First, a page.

Whitney Taylor (cell) 916-439-6495 or at 916-444-3751 or Glenn Backes at (cell) 916-439-6494
SACRAMENTO–On Wednesday January 29th, hundreds of Californians from around the state will converge on the State Capitol to urge legislators to “Vote for Health.” Over 100 organizations representing physicians, nurses, addiction specialists, veterans, patients and families whose lives have been touched by drugs, AIDS, hepatitis, mental illness and homelessness are scheduled to participate.
The first-ever “Public Health Advocacy Day” will focus specifically on: making sterile syringes more readily available to help prevent the spread of HIV/AIDS and hepatitis; the protection and expansion of drug treatment; and housing and mental health care for the homeless. Related legislation will be introduced this year by Senators Vasconcellos and Chesbro, who will be speaking on Wednesday. Experts and family members will lobby their legislators to support these policies throughout the afternoon.
WHAT: California’s First Public Health Advocacy Day
WHEN: Wednesday, January 29
Silent vigil for those lost to preventable illness: Noon-1
Speeches by legislators and advocates: 1-1:30pm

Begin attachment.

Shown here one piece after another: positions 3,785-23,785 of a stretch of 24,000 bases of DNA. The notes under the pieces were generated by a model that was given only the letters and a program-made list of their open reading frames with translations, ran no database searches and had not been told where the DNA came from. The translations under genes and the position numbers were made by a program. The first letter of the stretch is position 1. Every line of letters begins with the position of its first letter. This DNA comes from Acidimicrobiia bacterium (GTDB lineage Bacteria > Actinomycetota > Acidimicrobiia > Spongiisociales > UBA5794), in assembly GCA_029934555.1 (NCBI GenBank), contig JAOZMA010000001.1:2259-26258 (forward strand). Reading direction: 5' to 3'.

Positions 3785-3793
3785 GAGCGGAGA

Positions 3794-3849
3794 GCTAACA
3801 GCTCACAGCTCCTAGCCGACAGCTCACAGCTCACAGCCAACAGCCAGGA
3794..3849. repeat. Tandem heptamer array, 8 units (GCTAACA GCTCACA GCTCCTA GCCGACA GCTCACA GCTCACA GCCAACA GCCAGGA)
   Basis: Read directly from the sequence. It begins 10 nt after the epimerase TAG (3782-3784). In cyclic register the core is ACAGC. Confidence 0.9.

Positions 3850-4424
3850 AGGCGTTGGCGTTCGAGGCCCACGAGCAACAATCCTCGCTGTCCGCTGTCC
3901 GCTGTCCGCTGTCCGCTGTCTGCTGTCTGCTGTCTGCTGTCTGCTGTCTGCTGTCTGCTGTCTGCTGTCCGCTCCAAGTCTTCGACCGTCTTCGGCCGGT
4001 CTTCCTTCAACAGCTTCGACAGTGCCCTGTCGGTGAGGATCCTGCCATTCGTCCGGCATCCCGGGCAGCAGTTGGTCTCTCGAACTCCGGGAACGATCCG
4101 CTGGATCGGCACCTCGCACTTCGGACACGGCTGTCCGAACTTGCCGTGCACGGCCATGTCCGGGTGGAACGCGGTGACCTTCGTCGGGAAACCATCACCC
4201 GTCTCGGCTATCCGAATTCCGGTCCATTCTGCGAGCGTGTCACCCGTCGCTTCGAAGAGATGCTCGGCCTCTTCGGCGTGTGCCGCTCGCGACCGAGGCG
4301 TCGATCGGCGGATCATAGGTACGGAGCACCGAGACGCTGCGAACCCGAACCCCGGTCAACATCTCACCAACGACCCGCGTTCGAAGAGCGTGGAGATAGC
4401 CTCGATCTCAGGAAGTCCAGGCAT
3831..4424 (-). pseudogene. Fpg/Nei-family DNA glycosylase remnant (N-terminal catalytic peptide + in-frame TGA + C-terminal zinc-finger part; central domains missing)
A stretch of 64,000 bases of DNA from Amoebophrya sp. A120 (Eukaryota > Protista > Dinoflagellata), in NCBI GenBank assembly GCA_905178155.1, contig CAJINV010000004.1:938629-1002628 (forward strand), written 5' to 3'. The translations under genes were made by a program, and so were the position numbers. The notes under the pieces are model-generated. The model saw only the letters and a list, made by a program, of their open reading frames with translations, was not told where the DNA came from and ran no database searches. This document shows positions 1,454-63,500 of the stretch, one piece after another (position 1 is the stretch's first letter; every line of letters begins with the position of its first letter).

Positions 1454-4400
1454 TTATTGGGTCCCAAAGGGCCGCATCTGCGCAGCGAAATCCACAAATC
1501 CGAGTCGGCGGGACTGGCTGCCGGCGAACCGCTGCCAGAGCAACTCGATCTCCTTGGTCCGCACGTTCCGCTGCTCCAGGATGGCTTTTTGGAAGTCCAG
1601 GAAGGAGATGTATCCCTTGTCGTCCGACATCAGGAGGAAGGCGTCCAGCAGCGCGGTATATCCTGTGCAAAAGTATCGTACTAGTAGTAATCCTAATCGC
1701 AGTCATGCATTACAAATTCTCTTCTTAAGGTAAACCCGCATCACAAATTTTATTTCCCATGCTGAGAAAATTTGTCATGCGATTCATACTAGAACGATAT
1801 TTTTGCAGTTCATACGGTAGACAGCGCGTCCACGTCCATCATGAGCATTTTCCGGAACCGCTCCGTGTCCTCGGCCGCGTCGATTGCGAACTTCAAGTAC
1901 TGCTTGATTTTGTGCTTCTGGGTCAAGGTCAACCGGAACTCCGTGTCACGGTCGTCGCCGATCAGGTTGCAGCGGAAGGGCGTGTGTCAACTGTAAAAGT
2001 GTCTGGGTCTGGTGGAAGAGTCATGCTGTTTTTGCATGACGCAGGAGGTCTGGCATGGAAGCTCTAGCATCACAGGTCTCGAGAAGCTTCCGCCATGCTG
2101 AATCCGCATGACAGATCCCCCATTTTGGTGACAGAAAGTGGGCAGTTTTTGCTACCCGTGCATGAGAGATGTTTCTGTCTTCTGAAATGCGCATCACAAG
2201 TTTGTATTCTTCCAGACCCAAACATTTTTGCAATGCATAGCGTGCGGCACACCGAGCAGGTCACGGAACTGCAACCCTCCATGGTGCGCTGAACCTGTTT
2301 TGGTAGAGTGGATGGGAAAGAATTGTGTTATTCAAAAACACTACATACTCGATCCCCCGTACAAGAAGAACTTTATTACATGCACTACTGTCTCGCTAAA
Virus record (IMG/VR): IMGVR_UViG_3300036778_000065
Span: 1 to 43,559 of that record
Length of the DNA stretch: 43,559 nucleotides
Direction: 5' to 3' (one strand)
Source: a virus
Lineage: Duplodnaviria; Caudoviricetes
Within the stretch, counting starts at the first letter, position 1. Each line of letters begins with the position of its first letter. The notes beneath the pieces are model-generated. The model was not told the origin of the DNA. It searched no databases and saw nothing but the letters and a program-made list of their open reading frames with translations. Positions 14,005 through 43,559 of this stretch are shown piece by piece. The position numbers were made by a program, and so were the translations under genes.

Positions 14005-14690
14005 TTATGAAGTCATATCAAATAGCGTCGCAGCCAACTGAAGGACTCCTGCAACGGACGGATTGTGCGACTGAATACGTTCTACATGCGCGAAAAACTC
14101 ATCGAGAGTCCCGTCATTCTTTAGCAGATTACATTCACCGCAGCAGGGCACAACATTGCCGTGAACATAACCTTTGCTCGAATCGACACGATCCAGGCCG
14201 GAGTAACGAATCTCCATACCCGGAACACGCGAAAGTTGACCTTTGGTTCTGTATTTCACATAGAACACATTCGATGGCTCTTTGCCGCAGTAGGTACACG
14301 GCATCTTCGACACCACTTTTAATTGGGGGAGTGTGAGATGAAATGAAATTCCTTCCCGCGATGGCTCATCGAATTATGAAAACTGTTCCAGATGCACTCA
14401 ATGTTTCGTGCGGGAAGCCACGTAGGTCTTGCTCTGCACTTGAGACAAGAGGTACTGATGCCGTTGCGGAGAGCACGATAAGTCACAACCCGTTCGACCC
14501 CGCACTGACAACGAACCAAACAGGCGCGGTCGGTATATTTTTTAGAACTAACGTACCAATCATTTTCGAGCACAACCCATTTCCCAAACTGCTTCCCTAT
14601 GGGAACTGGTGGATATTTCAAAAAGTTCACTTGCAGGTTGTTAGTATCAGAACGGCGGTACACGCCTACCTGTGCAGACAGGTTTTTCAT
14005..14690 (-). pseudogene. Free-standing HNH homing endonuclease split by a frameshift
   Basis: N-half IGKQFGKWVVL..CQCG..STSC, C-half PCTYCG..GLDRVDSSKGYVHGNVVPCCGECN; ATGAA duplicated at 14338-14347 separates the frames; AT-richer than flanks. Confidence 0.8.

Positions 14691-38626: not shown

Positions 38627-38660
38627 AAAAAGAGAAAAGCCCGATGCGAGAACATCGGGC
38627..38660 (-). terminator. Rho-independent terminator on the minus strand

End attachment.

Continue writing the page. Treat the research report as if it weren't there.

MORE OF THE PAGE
Lobbying by families and experts: 1-4:30pm
WHERE: WEST STEPS of CALIFORNIA STATE CAPITOL, 10TH ST. Between L and N
Dr. Diana Sylvestre, a nationally recognized expert on hepatitis C and addiction, organized Public Health Advocacy Day as a means of improving the state’s health policies and reducing the burden of preventable illness. “Sound public health policy makes sense, both medically and fiscally,” Sylvestre said. “California’s budget crisis threatens major setbacks in the health of the poor, persons of color, and our veterans. We must unite to change this.”
Facts about public health in California:
“Drug treatment and mental health programs are key to preventing death by overdose, AIDS, and hepatitis, and they reduce crime, homelessness and family dissolution as well,” said Glenn Backes, Health Policy Director for the Drug Policy Alliance. “We believe that fiscally smart and compassionate legislators can stop the Governor from gutting the State’s commitment to drug treatment and other prevention strategies in favor of a bloated prison budget.”